Calling Through the Cold: Allan Cooper and Harry Thurston’s The Deer Yard

Given the immensity of Canada’s geography and the breadth of its poetic styles, it’s surprising that poetic correspondences, such as the one between Allan Cooper and Harry Thurston, don’t occur more frequently. The Deer Yard is a verse exchange that invokes the Wang River Sequence between 8th c. Chinese poets Wang Wei and his friend P’ei Ti. In each of the 20 poems, one poet provides the opening quatrain, while the other responds to an image or idea from the first verse. Their combined voices creates a third poem.

Written while Thurston spent a winter residency in Campbell River, British Columbia, and while Cooper waited for spring in his home in Alba, New Brunswick, this poetic exchange is a call-and-response, a trail through silence. Haiku-like in their brevity and in their treatment of the natural world, these poems chronicle the passing of a season. In the book’s title poem, “The Deer Yard (after Wang Wei),” Thurston observes, “Not a soul to be seen, but listen– / voices echo over the mountain,” and, in his answer, Cooper strains to hear “Your voice, clear and sure, / carries across the miles between us.” These spare poems evoke each poet’s striving to observe the non-human world in deferential ways. The book plots the passing of time, from the first snow towards the eventual spring and homecoming. While trails, groves, and rivers are the overt subjects of their attention, reflections on absence and aging slip into Cooper and Thurston’s exchange. Both are aware of “the weight of the years, their weathers” and the “old body” of the earth. “Forty years ago, when I first came this way / to the long beach of driftwood, I was a young man full of ideals,” writes Thurston. “I too am growing old, lazy as the driftwood / in the morning light. Yet part of me remains young,” responds Cooper. Their allusions to the passing years add a sense of gravity and immensity to their observations on nature’s lifecycles.

What’s missing from these poems is a sense of what’s at stake. Neither the use of language nor the treatment of the themes contain enough risks or surprises. In his introduction, Thurston writes that these poems are a “figurative ‘yarding up’ against the isolation, or cabin fever, of the winter season and the silences of great distances.” However, the perils of meditation, the loss of faith, the doubts that companionship will be found again, could have been conveyed more fully and strikingly. While nature contains many beauties, it’s also a place of savagery and starvation, and this face of nature is merely a shadow in these poems. It’s not more drama that’s needed, but a deeper contrast so that the quiet tones can echo after its crescendos.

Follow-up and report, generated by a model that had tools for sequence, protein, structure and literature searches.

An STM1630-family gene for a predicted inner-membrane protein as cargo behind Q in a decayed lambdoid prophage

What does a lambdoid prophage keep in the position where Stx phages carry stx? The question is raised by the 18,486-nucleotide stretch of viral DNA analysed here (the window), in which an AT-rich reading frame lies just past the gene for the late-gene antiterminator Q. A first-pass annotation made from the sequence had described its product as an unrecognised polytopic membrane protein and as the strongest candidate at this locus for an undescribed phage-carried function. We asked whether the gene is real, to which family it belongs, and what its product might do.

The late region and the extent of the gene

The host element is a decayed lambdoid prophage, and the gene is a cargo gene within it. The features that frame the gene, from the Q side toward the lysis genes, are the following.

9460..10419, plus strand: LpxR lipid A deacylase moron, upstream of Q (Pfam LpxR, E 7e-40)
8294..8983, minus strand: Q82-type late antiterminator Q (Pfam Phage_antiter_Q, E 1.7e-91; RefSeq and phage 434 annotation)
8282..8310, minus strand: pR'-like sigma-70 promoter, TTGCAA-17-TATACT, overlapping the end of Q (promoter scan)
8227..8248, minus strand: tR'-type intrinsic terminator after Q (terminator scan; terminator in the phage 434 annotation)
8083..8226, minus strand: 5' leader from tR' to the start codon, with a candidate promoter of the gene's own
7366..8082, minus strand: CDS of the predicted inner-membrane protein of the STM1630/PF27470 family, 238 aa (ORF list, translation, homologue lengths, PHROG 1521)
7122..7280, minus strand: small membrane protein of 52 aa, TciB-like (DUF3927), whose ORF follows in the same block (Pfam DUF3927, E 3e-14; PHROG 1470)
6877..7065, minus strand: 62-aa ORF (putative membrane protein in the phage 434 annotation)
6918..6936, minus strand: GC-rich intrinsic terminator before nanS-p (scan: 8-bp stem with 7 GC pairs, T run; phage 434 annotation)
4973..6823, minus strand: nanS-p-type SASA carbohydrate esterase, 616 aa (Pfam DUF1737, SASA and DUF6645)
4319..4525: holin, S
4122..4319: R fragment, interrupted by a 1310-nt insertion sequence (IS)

I have seen evidence of both poets’ capacity for bolder, bleaker visions in their other work. Perhaps the muted tones of The Deer Yard result from the authors’ attempts to mimic the contemplative mode of the “Mountains and Streams,” or Shanshui, school of poetry. Yet Wang Wei, who expressed a desire to withdraw from public life, was also an aristocrat and prominent government official. His poems may not be stridently radical or apolitical, but they contain tensions that are absent in Thurston’s and Cooper’s poems. Their approach to translation isn’t clear, as they neither fully commit to diverging from the original nor to capturing the subtle strains of its dissent.

Both poets are too apt to tack on an uplifting conclusion, or to fall into predictable phrases and descriptions: “Winter jasmine climbed the trellis / outside my study like tendrils of sunshine, / brightening my darkest days,” or “When spring comes the trout will rise / to the first mayflies dancing above the brook.” The most striking moments come when the poets make demands and feel “dark lures” of bewilderment or grief inside them. Glad as I am that their temporary separation and long winter comes to an end, as a reader I don’t always wish to be sure they’ll reach a safe harbour.

Phoebe Wang is a graduate of University of Toronto’s MA in Creative Writing program, and her chapbook, Occasional Emergencies, appeared this fall with Odourless Press. More of her work can be found at


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